Romuald Laine Pages 921 - 927 ( 7 )
The introduction of in vitro tools to predict clearance in the early discovery process has led to new ways of working. Combined with metabolite identification, such tools have allowed design of compounds with low clearance. Encouraged by the success of such an approach and by the better knowledge of the enzyme involved in the metabolism, in vitro teams have begun to develop a plethora of assays to assess the metabolic clearance, understand the route of metabolism, and predict the human clearance. Although the diversity of assays may have allowed a more thorough approach to addressing specific issues, in the time of budget constrictions, limited access to resources and materials in vitro teams have now to decide what are the ‘must have’ and ‘nice to have’ assays to enable them to help as efficiently as possible projects at the discovery stage. Reducing the number of assays and focusing on the most relevant ones is an option to consider. Knowledge of the main enzymes involved in the drug metabolism should help to select the most relevant in vitro tools. Although the systems presented here have their merits, the author proposes that hepatocytes should be considered as the in vitro tool of choice.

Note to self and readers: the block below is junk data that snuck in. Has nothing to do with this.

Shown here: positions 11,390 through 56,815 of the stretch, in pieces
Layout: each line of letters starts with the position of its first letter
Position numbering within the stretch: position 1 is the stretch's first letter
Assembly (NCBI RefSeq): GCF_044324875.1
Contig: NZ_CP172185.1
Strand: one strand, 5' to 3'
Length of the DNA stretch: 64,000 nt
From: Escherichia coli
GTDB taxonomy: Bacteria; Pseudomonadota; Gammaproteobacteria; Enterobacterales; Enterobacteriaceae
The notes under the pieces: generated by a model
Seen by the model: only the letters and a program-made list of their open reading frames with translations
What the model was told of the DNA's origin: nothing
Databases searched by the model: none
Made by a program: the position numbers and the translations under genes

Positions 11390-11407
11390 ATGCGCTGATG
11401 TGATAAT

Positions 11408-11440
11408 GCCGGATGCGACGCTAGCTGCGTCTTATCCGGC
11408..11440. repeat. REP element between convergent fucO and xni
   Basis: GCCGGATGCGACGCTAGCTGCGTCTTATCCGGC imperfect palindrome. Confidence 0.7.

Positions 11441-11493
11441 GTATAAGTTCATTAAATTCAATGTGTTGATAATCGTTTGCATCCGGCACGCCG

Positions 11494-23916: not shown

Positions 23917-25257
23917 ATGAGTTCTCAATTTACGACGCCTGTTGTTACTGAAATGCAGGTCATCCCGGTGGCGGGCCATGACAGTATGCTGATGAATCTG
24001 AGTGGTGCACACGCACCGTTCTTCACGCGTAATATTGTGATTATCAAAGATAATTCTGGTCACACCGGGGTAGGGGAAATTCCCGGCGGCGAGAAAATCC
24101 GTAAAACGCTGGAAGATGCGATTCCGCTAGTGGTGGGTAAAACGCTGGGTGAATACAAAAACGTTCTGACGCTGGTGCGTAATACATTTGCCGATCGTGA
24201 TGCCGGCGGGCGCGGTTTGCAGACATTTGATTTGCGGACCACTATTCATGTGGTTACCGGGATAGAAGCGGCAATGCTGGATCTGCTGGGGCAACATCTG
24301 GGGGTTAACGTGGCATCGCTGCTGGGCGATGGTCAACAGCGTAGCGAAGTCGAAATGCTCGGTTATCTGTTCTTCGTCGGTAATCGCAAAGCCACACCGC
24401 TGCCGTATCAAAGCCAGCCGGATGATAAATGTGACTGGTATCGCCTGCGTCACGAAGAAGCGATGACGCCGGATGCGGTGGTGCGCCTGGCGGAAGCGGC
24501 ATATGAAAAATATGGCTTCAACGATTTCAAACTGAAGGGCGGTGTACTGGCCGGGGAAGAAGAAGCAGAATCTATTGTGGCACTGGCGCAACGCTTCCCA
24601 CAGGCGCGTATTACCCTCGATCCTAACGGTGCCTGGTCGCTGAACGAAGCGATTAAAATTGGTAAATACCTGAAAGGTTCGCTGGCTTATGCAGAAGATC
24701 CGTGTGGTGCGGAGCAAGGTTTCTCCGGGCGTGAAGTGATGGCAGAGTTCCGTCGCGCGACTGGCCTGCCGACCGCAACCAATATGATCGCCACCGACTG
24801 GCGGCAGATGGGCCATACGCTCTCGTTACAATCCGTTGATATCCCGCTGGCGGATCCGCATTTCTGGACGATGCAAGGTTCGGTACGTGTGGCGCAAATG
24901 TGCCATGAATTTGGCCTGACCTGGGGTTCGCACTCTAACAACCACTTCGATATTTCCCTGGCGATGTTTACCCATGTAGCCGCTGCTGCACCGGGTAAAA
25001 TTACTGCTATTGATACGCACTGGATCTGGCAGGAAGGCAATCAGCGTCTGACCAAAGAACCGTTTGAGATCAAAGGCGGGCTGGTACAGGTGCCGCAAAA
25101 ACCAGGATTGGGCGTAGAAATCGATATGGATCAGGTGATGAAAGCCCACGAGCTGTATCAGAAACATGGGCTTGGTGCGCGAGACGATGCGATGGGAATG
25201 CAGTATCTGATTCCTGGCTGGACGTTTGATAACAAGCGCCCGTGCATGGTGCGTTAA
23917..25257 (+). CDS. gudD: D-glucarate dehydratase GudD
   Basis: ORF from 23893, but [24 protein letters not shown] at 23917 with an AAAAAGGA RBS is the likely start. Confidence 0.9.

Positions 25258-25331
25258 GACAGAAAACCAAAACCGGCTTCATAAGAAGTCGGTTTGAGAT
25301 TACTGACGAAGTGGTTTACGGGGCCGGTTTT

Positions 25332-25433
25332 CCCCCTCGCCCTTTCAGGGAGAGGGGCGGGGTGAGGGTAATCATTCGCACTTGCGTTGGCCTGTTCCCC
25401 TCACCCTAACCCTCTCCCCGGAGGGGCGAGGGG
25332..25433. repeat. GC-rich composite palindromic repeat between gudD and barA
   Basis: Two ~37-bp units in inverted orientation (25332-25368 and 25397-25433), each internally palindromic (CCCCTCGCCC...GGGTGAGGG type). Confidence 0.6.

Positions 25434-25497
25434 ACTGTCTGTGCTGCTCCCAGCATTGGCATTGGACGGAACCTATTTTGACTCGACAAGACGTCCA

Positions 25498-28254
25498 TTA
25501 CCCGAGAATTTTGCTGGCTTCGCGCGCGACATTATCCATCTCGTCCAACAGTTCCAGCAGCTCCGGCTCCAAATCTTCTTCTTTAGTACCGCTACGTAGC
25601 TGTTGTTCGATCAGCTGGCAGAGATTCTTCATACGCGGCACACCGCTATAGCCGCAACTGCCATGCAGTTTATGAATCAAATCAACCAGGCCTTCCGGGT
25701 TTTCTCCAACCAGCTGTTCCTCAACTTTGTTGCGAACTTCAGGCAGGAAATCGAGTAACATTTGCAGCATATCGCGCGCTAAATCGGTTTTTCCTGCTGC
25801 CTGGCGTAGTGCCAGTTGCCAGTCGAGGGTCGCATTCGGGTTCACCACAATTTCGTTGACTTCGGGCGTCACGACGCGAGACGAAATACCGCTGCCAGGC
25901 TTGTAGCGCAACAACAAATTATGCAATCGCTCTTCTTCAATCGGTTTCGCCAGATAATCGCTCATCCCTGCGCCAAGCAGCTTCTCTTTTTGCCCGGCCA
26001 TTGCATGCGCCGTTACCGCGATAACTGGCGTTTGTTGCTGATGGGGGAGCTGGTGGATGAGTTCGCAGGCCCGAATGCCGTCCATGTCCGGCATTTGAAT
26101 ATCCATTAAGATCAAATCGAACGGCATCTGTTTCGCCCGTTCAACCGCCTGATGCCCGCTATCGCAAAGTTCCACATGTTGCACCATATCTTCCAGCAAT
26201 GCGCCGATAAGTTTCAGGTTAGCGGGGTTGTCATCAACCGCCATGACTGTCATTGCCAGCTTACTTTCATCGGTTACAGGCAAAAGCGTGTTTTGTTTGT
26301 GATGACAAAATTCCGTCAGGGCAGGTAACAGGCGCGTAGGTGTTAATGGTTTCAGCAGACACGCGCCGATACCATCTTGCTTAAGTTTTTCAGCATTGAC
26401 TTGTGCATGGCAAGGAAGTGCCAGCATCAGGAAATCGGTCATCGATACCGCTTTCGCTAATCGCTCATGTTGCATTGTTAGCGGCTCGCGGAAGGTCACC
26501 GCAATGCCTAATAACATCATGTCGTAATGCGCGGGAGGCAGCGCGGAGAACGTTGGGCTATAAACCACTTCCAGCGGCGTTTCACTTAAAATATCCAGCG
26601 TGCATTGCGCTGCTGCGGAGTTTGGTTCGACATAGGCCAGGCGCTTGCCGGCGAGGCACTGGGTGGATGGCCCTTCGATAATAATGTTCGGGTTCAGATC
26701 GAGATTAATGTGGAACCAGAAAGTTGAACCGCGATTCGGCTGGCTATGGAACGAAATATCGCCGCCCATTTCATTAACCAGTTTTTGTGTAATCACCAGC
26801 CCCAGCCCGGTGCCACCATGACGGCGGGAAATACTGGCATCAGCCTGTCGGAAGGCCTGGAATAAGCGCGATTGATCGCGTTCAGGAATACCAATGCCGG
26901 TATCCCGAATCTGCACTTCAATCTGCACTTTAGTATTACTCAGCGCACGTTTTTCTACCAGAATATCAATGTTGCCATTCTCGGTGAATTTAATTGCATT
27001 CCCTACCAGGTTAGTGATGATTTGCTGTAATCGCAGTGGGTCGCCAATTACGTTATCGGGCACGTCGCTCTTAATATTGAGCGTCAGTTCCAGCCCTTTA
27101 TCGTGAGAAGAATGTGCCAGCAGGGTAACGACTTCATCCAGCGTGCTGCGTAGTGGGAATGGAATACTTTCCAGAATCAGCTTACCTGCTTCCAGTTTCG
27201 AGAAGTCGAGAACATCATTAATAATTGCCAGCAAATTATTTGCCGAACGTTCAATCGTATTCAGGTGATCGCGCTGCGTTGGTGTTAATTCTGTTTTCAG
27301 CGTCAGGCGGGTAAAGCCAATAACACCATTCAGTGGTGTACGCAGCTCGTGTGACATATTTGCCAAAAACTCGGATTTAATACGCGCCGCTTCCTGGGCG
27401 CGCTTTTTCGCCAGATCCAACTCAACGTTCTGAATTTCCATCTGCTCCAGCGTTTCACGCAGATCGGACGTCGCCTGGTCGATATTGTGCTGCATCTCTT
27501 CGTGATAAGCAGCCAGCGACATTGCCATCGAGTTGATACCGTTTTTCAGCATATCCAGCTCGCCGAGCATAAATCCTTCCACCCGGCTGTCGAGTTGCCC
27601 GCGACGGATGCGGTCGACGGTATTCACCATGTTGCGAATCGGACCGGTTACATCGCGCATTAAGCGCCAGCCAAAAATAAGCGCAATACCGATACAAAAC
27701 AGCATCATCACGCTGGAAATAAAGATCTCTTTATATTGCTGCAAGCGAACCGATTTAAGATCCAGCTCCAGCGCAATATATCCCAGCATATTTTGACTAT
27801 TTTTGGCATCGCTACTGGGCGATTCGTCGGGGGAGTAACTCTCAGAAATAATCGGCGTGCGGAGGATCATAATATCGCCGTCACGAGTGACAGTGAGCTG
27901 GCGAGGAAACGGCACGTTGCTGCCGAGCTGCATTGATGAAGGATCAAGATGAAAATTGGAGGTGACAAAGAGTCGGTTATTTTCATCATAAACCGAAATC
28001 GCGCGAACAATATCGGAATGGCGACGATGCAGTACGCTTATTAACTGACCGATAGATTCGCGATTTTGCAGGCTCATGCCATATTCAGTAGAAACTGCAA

In vitro drug metabolism, P450, UGT, GST, SULT, NAT, FMO, hepatocytes, microsomes, fraction S9
Pharmacokinetics, Dynamics and Metabolism, Pfizer Global Research and Development, Sandwich Kent, CT13 9NJ, UK.